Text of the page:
SACRAMENTO, CA –Assemblywoman Wendy Carrillo (D-Los Angeles) released the following statement on the recent whistleblower complaint filed with the Department of Homeland Security's Office of Inspector General alleging medical neglect amid COVID-19 and mass hysterectomies performed on immigrant women in an Immigration and Customs Enforcement (ICE) detention facility. Assembly Bill (AB) 3052, which was held in committee again this year, would have created a compensation fund for women who have been victims of the state's eugenics laws dating back to the late 1960's.
"I am beyond horrified and angry over the treatment of immigrant women and the latest news of forced hysterectomies at an ICE detention facility," said Assemblywoman Wendy Carrillo. "This is not the first time the United States has been a willing participant in this type of horrid assault to women's bodies. The right to choose includes the right to have children; the right to be a mother. That decision is personal and should not be taken away based on past eugenics practices, which California formerly subscribed to, including most recently in 2010 shrouded under the guise detention center facilities of women being "unfit." In California, we will continue to fight for justice and fight to right the wrongs that have been done to women in hospitals, prisons, and now detention centers in the United States."
On Monday, Project South, the Georgia Detention Watch, and the Georgia Latino Alliance for Human Rights filed a complaint on behalf of Dawn Wooten, a nurse who previously worked at Irwin County Detention Center in Georgia. The complaint describes concerns about the high number of hysterectomies performed on Spanish-speaking women at the center. Many of the detained women shared with Wooten they did not fully understand why they had to get a hysterectomy. The complaint also notes "jarring medical neglect" during the coronavirus pandemic, including a refusal to test detainees with symptoms.
In California, Assemblywoman Carrillo has authored legislation the last two years to rightfully compensate victims of California's previous eugenics laws. Most recently, AB 3052 would have established the Forced Sterilization Compensation Program to provide monetary compensation to those who were forcibly sterilized, as well as those sterilized without medical necessity or demonstrated informed consent while incarcerated. Regretfully, despite bipartisan support, both the bill and the accompanying budget request were held in their respective committees and did not move forward.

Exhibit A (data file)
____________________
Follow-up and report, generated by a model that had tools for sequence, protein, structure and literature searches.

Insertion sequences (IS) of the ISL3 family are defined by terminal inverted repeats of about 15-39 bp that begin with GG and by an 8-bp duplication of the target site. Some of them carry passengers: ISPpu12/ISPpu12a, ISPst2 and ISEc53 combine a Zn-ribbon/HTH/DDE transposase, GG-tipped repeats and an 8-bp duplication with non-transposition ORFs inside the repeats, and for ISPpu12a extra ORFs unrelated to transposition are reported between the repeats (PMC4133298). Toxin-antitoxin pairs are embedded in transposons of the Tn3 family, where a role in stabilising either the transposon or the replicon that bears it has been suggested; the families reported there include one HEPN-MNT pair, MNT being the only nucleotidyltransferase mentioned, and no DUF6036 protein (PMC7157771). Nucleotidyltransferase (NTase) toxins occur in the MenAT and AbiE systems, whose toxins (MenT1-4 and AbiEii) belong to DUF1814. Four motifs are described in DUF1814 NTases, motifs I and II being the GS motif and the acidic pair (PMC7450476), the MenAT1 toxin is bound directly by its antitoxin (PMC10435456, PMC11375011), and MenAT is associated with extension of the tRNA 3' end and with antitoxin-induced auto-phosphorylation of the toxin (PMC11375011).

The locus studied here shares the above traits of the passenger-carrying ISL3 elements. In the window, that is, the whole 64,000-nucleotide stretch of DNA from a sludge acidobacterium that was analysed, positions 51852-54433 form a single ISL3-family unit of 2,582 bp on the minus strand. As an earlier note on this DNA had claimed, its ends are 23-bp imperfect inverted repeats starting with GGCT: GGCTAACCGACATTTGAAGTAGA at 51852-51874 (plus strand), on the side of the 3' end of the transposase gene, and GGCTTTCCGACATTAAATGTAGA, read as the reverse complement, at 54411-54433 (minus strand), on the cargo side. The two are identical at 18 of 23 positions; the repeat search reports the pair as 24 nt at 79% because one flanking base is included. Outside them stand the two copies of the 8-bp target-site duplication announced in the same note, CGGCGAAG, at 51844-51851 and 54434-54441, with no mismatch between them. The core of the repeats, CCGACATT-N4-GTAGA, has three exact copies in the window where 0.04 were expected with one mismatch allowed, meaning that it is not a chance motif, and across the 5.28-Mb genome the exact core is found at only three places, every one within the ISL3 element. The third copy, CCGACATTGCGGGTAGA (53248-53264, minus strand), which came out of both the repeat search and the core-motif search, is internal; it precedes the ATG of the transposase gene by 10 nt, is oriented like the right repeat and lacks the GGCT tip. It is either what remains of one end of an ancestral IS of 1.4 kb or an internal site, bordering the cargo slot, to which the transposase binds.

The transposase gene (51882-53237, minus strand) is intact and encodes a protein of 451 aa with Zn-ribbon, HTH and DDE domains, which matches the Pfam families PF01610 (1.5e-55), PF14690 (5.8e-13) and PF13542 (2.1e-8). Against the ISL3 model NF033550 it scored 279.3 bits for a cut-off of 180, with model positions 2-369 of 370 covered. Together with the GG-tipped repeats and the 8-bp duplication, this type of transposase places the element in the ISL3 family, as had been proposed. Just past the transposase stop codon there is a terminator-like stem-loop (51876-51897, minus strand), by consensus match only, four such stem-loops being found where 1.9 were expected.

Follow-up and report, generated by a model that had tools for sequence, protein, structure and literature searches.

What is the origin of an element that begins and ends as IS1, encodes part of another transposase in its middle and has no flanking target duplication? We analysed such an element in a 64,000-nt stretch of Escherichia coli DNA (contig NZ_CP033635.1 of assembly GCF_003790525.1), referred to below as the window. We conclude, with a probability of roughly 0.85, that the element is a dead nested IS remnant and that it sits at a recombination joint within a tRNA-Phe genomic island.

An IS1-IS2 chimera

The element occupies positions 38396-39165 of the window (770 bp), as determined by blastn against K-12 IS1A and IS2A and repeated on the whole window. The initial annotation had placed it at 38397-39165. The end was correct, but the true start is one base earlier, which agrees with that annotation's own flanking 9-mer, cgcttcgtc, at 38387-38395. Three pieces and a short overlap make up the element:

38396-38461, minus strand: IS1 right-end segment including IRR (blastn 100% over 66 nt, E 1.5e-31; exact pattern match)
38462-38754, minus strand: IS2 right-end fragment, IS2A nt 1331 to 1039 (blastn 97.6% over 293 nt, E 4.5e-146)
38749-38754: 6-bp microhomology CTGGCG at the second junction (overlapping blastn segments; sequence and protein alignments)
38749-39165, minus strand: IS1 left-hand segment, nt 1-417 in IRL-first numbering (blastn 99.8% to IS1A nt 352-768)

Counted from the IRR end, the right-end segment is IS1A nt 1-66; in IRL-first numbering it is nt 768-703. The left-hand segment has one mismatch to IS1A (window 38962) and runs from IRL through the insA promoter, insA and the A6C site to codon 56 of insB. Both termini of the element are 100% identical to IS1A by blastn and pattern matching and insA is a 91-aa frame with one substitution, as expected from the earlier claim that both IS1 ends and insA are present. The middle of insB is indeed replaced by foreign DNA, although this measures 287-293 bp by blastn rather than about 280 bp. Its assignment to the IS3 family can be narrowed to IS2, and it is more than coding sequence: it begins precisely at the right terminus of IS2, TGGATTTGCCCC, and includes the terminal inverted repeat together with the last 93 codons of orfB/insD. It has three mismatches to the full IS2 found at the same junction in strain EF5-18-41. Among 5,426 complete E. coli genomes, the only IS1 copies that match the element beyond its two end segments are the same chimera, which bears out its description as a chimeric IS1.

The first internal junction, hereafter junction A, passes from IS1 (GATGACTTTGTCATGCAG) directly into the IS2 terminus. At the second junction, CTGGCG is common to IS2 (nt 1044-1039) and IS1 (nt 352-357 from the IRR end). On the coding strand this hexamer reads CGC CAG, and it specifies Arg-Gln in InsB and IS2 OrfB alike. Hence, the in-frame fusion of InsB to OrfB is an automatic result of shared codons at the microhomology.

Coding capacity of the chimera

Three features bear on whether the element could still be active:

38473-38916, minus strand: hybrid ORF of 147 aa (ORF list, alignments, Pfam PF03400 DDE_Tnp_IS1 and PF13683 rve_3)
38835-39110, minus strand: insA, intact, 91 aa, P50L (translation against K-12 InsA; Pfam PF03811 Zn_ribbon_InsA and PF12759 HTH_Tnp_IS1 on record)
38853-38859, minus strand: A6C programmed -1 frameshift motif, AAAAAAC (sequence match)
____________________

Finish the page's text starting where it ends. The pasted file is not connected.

Unfortunately, the allegations Ms. Dawn Wooten has shared with us all is not the first. In 1909, California authorized medical superintendents of state homes and hospitals to sterilize patients deemed "unfit for reproduction." California went on to sterilize more than 20,000 people, becoming the most aggressive sterilization program in the United States. Research indicates that the majority of sterilizations affected women, girls, and specifically, Latinas.
Though the state's eugenic law was repealed in 1979, a later state audit revealed 144 women were sterilized during labor and delivery without proper consent while incarcerated in California women's prisons from 2006 to 2010. An additional 100 women were involuntarily sterilized in prison during labor and delivery at LA County+USC Medical Center dating back to the late 1960s, as well as a small number of forced sterilizations performed during other surgeries.
Assemblymember Wendy Carrillo was elected as the representative of the 51st Assembly District in December of 2017. She is a member of the Health, Appropriations, Utilities & Energy, Privacy and Consumer Protections, Labor and Rules Committees. Carrillo represents the people of East Los Angeles, Northeast Los Angeles, and the neighborhoods of El Sereno, Echo Park, Lincoln Heights, Chinatown and parts of Silver Lake.